After a few weeks I was working in the City at Hope Brothers when Leo rang up. It was Friday… Friday the 13th of May, pouring with rain. I had an awful old raincoat on. The phone rang at the office and it was Leo asking to meet up at lunchtime. I said, “I’ve got an awful old coat and scarf,” but he was quite insistent. He said to meet at the Antelope. As soon as I got there he asked me to marry him. “Goodness gracious of course I will!” We married two weeks later on June 1st, Derby Day 1960… a Wednesday as it turned out. I was the Derby Day Bride in the London Evening News. They did a full-page spread with half a page in the Standard. They had the caption, “A Kiss for the Derby Day Bride.” It was a wonderful day with a wonderful party with all the members of the cast. Fred Truman the cricketer came and Guy Middleton who I hadn’t seen for about twenty years. Guy had just moved in to a house called The End, and it was, he died there. All the champagne ran out so my sister-in-law went out and came back with bottles and bottles of gin. They had to go on stage in the evening. It was all very unprofessional behaviour. Leo had been married before in America. His ex-wife sent me a dressing gown as a wedding present. She must have been quite tall and bought it to fit herself, and Leo ended up selling it. Leo sold my wedding dress. It had been bought on account and paid for with my money. He said I wouldn’t need it again so he took it back and kept all the money. We honeymooned in Rome and didn’t think we’d ever be coming back.

Then he ended up in Family Man with Dickie Henderson… on TV every Monday or Tuesday. He did an advertisement for Mann’s Beer then got an offer of some film work in Italy. He said that when the money started coming in I should get myself some nice clothes and come over to Italy. We really thought the money would have been rolling in. What we didn’t know was that Italy had what was called the quota system, which barred foreign actors. You could only have two non-Italians playing major parts in any film. So he couldn’t do it. We got nothing for that. Leo did a bit of dubbing but didn’t get nearly enough to pay for the expensive hotel… the American Palace. But I’d rather have been with Leo than anyone, if I were in a tight spot, he always thought of a way out. So he ordered a taxi for 6 a.m. in the morning. He told a porter he would pay him now if only he would bring the bill and he gave him a dud cheque. We had to get out.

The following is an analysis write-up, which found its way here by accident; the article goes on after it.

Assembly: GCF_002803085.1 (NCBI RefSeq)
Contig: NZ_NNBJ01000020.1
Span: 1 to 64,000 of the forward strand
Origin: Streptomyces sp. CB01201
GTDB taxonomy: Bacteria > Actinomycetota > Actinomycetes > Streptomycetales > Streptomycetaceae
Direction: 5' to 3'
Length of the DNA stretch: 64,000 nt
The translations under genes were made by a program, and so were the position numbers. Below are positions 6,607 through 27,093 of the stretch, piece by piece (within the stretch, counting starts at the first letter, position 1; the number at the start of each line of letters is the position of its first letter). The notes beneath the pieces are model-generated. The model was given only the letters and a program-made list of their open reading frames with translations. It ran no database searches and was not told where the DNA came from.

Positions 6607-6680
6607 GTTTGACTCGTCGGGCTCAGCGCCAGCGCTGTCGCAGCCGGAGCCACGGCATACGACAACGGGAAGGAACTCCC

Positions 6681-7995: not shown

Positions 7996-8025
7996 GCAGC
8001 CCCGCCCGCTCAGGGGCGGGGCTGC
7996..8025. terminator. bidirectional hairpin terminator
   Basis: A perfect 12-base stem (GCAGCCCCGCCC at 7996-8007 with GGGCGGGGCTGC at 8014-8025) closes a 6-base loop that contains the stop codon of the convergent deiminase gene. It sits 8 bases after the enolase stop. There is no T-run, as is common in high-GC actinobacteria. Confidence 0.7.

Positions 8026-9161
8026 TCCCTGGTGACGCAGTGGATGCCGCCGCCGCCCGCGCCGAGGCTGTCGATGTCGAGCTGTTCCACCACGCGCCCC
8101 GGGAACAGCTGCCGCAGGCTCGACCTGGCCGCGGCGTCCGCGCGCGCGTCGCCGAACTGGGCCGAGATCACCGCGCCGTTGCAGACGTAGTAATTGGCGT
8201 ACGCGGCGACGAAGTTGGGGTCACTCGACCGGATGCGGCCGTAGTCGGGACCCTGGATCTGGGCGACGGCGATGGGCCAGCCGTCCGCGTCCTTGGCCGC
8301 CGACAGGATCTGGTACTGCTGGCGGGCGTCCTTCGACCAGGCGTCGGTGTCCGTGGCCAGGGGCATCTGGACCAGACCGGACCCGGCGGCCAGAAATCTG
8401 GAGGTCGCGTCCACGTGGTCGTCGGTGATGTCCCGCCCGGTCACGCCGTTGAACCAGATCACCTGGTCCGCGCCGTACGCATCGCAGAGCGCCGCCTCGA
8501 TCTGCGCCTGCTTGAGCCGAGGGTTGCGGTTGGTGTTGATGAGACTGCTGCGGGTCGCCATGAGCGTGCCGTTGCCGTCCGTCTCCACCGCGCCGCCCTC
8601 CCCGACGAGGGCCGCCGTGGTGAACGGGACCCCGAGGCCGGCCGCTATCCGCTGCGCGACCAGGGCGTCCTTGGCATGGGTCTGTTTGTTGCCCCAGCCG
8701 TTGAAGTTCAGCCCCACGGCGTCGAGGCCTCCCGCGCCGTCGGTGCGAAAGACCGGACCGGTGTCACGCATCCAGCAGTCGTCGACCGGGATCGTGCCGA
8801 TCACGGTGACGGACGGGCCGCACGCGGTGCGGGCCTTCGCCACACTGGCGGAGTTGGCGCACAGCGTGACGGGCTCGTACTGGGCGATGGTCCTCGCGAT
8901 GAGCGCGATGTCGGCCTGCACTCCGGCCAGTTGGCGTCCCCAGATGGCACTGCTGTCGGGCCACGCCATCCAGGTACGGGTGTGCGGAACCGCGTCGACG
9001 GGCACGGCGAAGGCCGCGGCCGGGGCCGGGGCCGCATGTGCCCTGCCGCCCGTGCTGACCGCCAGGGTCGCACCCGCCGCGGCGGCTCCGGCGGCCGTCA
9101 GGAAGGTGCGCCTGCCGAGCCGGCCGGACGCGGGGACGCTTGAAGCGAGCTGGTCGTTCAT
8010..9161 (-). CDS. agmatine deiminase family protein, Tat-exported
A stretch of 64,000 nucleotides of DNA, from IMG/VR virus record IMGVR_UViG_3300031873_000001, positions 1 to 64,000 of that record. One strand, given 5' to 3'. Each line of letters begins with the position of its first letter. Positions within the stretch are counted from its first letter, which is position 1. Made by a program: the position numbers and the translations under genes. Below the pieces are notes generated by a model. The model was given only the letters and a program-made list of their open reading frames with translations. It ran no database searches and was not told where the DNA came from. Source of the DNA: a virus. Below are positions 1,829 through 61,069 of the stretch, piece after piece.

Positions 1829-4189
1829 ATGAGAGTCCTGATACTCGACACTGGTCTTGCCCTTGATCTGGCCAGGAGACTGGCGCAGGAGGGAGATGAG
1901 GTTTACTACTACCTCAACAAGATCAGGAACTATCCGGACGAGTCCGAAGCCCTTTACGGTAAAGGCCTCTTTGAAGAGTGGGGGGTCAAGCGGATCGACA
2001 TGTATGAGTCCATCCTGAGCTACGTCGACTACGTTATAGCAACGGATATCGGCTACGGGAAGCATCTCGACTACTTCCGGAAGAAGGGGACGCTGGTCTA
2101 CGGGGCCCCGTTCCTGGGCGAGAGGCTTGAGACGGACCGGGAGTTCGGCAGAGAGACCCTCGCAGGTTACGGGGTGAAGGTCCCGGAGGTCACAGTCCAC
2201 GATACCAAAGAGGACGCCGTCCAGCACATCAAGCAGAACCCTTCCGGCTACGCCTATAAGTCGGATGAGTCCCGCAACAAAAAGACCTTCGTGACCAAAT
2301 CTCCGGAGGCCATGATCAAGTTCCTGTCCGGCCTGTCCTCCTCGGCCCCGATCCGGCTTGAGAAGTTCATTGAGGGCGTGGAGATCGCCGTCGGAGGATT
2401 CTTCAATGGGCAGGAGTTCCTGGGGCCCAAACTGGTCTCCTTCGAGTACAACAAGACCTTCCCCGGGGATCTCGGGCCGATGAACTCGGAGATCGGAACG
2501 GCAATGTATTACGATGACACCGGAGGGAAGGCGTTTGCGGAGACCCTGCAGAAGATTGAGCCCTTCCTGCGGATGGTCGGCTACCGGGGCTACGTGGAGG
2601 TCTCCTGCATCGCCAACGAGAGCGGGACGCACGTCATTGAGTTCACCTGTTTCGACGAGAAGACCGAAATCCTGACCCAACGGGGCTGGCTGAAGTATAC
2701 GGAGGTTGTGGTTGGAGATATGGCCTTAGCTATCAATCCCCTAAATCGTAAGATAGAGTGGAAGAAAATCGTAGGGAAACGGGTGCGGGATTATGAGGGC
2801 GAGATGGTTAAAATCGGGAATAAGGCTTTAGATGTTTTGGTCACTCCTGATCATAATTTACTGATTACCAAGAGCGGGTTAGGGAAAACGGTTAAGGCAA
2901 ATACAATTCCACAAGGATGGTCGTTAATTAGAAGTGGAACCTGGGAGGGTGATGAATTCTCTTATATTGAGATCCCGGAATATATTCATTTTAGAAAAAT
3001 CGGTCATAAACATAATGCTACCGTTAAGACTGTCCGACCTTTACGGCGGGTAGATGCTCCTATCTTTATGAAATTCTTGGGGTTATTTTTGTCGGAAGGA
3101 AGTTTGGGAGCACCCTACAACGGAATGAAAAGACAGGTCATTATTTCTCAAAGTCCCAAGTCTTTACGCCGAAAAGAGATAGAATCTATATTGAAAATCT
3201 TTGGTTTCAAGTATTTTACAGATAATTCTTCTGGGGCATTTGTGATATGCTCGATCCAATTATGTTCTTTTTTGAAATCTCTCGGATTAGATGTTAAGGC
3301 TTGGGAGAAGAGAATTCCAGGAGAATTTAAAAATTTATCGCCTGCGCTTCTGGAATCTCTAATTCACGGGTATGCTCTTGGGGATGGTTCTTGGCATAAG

We had just enough cash for the taxi to the railway station and enough left for the cheapest tickets to the south of France where Leo was brought up, next door to Somerset Maugham. For a while we exploited Leo’s good name and were doing quite well, living well at least. I got a job as a hotel maid. When somehow they found out about the bad cheque in Italy. They must have traced us through our passports. It caught up with us. God what a terrible fuss! They insisted we left. I was allowed to take only the clothes I stood up in. On a hot day in June I grabbed a fur coat and high-heels. All my summer clothes were locked in cases. Leo put on his beautiful mohair suit. We somehow got as far as Nice where we slept on the beach, me in a winter coat and high heels. We got back to England and scrambled through the first week until I got another job. It was the week Margaret Rutherford sent us £10, Leo shared it with me and life just about went on.

We got a new flat, a tiny single studio smaller than this room, so small we had to sleep top to toe with Charlie Pye-Wacket on top. We had only just married when one day Leo told me that Charlie would be coming to stay. I had no idea who he was. I thought it was another man and Leo wouldn’t tell, he kept the secret all week. Anyway I was in the hairdressers, just round the corner under the dryer, when who should come in but Leo holding a basket. Inside was the loveliest little Siamese cat, Charlie Pye-Wacket. Leo took him off home and I told Iris the hairdresser to hurry up. I was so delighted I just had to get home to see him. I loved him and he loved me… the cat that is. He used to put his arms round my neck and Leo would say, “I don’t think I’ll ever get near you again.” The cat had taken over. I just loved him to distraction. Charlie was an odd cat, he didn’t like classical music, only modern. If anything classical came on the radio he just sat facing the wall.